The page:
As I've previously noted here, I have never been a big fan of George Will, even though I like what he writes about baseball. The ideological divide between my positions and his was simply too great. Lately, though, as he he has stepped up his criticism of the Republican Party's current standing, I've been enjoying his acerbic prose a good deal more. Tomorrow's column, in which he tears into John McCain and his running mate, put a smile on my face:
Some polls show that Palin has become an even heavier weight in John McCain's saddle than his association with George W. Bush. Did McCain, who seems to think that Palin's never having attended a "Georgetown cocktail party" is sufficient qualification for the vice presidency, lift an eyebrow when she said that vice presidents "are in charge of the United States Senate"?
She may have been tailoring her narrative to her audience of third-graders, who do not know that vice presidents have no constitutional function in the Senate other than to cast tie-breaking votes. But does she know that when Lyndon Johnson, transformed by the 1960 election from Senate majority leader into vice president, ventured to the Capitol to attend the Democratic senators' weekly policy luncheon, the new majority leader, Montana's Mike Mansfield, supported by his caucus, barred him because his presence would be a derogation of the Senate's autonomy?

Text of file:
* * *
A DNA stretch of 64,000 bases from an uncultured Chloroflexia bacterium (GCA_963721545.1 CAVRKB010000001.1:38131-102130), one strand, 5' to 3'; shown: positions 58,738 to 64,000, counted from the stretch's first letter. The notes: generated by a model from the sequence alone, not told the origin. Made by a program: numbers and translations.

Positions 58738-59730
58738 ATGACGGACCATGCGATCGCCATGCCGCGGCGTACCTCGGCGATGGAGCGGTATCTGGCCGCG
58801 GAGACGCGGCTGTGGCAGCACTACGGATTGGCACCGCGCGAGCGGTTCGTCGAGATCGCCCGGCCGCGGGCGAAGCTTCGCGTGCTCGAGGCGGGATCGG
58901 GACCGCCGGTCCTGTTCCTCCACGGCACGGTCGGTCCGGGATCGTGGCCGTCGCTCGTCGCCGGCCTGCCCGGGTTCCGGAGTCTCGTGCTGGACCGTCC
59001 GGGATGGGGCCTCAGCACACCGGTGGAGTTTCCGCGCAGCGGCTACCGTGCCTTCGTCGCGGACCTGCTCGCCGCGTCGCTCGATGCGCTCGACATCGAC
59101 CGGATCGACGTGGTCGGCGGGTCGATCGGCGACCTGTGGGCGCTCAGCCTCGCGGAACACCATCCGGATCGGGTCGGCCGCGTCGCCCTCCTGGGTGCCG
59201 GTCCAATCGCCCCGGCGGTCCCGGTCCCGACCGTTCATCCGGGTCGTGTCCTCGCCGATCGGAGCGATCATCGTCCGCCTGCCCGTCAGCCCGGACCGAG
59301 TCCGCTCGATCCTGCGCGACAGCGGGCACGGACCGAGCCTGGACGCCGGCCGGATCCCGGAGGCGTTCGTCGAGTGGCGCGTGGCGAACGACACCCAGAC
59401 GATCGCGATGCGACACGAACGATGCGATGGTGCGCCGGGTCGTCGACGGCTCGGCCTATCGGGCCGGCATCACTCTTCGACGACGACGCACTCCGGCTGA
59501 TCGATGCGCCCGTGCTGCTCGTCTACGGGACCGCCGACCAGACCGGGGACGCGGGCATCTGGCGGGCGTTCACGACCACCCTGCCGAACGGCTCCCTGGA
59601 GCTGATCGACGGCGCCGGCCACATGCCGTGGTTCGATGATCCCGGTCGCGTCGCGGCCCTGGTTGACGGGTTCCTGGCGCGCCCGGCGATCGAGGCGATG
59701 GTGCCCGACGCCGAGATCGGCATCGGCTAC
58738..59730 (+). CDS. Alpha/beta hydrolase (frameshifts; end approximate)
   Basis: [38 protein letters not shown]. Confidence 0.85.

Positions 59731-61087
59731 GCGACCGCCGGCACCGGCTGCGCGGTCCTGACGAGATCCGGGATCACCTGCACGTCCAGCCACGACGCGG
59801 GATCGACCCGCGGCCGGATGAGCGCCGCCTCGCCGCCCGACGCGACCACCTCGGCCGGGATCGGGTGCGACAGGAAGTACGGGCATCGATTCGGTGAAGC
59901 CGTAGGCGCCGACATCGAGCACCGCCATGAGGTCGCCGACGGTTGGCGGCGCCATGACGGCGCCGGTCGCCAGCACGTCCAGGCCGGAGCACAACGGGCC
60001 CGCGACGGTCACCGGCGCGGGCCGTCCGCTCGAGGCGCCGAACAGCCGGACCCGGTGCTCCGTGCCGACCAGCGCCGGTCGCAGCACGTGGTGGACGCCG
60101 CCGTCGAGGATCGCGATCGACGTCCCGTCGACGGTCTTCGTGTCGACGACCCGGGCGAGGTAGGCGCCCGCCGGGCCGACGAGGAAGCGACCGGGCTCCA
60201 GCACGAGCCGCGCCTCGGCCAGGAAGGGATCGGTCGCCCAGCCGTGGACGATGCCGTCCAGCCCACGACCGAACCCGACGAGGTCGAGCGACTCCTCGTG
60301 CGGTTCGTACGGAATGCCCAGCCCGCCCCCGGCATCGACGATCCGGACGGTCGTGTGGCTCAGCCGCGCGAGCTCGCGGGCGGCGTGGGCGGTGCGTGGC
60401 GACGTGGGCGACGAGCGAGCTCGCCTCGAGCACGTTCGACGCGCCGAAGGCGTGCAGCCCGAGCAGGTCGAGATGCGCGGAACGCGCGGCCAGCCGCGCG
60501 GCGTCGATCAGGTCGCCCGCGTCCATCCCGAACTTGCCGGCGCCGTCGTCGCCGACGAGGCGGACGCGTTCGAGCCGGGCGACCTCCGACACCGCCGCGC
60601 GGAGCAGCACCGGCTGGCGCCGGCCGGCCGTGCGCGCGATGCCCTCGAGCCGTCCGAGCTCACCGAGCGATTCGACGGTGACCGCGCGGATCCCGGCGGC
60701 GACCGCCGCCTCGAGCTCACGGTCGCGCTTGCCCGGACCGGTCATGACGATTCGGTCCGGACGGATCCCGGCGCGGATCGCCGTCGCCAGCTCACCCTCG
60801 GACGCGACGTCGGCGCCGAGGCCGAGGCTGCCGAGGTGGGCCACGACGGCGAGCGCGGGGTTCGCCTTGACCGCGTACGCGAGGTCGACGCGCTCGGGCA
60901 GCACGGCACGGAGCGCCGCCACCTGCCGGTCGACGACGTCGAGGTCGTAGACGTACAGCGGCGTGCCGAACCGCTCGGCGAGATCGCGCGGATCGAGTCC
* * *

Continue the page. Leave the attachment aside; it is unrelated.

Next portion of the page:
Perhaps Palin's confusion about the office for which she is auditioning comes from listening to its current occupant. Dick Cheney, the foremost practitioner of this administration's constitutional carelessness in aggrandizing executive power, regularly attends the Senate Republicans' Tuesday luncheons. He has said jocularly that he is "a product" of the Senate, which pays his salary, and that he has no "official duties" in the executive branch. His situational constitutionalism has, however, led him to assert, when claiming exemption from a particular executive order, that he is a member of the legislative branch and, when seeking to shield certain of his deliberations from legislative inquiry, to say that he is a member of the executive branch.
I suppose I shouldn't be smiling. But it's nice to see someone on the Right call his fellow travelers on their mistakes. The attack on Dick Cheney may be one that many people have already made, but it means a lot coming from Will.